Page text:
(The Southern African Times) – In January 2012 during the 18th Ordinary Session of the Assembly of Heads of States and Governments of the African Union held in Addis Ababa, Ethiopia, the African Union agreed on a decision to establish an African Continental Free Trade Area (AfCFTA) with seven acknowledged key fundamental action clusters namely: trade policy, trade facilitation, productive capacity, trade related infrastructure, trade finance, trade information, and factor market integration.
After eight rounds of negotiations from 2015 lasting through to December 2017, an agreement was reached, and officially went into force on the 30th of May 2020. Today’s event, the official handover and commissioning of the AfCFTA Secretariat Building, is a culmination of all the great work and tying together of the vision of having a single great and prosperous Africa.
When the call for a suitable location was made, the African Union received several bids, out of which Ghana’s offer stood out, thereby leading us to this great event today to commission this Secretariat at the home of the great Kwame Nkrumah, one of the founding fathers of the Pan-African movement, making this day a rather poetic one, to which he will be glad as our ancestor.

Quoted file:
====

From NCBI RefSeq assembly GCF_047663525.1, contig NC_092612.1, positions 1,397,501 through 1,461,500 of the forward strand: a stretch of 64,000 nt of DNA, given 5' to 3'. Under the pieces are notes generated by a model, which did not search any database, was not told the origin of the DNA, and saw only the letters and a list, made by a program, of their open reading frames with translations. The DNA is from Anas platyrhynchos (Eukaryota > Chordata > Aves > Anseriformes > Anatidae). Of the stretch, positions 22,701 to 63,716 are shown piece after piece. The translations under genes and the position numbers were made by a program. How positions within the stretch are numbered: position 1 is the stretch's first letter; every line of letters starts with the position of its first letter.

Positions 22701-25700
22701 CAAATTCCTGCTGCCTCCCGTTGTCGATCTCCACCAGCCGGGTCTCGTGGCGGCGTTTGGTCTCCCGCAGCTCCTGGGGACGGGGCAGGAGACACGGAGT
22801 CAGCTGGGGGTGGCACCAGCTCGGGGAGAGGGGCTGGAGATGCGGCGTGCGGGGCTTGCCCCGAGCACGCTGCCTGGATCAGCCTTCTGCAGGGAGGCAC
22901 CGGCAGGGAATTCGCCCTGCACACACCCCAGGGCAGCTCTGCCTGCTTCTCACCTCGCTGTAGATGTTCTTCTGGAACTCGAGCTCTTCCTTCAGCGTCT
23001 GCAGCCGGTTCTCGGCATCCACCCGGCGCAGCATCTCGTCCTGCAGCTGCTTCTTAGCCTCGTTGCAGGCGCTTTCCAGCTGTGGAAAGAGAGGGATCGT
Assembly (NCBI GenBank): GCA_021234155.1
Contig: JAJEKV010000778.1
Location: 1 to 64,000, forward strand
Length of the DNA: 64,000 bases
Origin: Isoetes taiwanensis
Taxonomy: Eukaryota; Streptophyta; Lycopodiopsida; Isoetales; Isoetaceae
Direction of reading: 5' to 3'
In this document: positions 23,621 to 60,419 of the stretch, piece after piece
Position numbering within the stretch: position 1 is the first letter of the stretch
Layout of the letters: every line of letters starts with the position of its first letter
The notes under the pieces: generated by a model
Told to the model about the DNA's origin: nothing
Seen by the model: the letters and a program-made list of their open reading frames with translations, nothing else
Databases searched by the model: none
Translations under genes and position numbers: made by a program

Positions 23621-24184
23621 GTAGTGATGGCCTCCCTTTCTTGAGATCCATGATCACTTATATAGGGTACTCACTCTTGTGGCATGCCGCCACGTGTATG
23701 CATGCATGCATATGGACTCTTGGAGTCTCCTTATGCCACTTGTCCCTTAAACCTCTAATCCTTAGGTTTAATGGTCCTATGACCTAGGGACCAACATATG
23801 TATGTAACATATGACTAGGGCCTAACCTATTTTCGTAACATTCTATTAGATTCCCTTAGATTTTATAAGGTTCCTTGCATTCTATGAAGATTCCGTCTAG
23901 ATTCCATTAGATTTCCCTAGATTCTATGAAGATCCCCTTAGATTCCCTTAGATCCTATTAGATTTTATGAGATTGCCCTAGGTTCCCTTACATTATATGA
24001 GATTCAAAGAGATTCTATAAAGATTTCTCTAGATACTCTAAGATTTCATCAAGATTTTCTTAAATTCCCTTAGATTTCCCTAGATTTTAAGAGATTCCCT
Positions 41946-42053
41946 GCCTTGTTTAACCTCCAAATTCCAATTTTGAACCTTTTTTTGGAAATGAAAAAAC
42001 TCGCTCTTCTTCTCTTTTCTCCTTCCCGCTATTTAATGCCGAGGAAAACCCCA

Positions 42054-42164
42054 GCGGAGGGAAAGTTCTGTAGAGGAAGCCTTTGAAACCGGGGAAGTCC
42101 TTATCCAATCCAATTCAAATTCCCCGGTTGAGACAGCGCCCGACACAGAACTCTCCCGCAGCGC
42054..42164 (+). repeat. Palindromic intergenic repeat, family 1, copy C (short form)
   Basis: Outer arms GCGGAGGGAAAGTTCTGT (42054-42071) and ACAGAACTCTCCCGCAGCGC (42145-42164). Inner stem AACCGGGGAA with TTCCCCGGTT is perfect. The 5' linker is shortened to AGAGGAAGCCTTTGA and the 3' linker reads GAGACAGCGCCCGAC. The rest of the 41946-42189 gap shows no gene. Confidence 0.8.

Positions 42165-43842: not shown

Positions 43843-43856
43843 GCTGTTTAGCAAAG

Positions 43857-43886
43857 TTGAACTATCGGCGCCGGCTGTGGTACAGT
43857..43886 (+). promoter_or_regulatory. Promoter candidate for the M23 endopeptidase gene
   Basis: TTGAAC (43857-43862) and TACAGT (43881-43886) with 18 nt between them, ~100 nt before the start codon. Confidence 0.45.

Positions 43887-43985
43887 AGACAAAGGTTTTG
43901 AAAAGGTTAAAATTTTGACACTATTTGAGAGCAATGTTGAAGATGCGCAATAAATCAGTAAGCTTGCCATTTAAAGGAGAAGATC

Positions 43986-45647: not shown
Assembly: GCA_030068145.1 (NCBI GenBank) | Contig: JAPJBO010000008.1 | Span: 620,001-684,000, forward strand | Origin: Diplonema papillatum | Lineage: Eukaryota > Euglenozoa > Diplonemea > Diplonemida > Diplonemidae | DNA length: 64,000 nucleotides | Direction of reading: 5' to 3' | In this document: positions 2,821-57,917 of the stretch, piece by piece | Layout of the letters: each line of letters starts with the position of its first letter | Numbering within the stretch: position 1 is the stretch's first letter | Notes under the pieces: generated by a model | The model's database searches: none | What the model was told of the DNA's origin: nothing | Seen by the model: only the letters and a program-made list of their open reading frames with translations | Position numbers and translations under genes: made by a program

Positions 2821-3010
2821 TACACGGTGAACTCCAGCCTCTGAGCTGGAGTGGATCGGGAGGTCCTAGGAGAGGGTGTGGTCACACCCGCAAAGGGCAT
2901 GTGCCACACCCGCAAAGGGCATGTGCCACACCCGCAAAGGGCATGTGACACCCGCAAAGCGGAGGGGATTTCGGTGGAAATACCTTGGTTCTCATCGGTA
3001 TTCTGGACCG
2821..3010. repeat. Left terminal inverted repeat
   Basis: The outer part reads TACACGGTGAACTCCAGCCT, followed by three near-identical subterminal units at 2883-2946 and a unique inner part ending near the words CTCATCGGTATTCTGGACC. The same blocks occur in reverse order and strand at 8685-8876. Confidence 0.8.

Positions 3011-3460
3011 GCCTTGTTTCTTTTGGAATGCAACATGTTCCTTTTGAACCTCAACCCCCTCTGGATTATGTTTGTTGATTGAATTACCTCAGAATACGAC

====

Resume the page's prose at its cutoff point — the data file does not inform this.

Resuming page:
In the reassuring words of President Nana Addo Dankwa Akufo-Addo of Ghana, “I assured that Ghana, as caretaker of the Secretariat, would put all the requisite facilities at its disposal, so that it could run as a world-class organization.”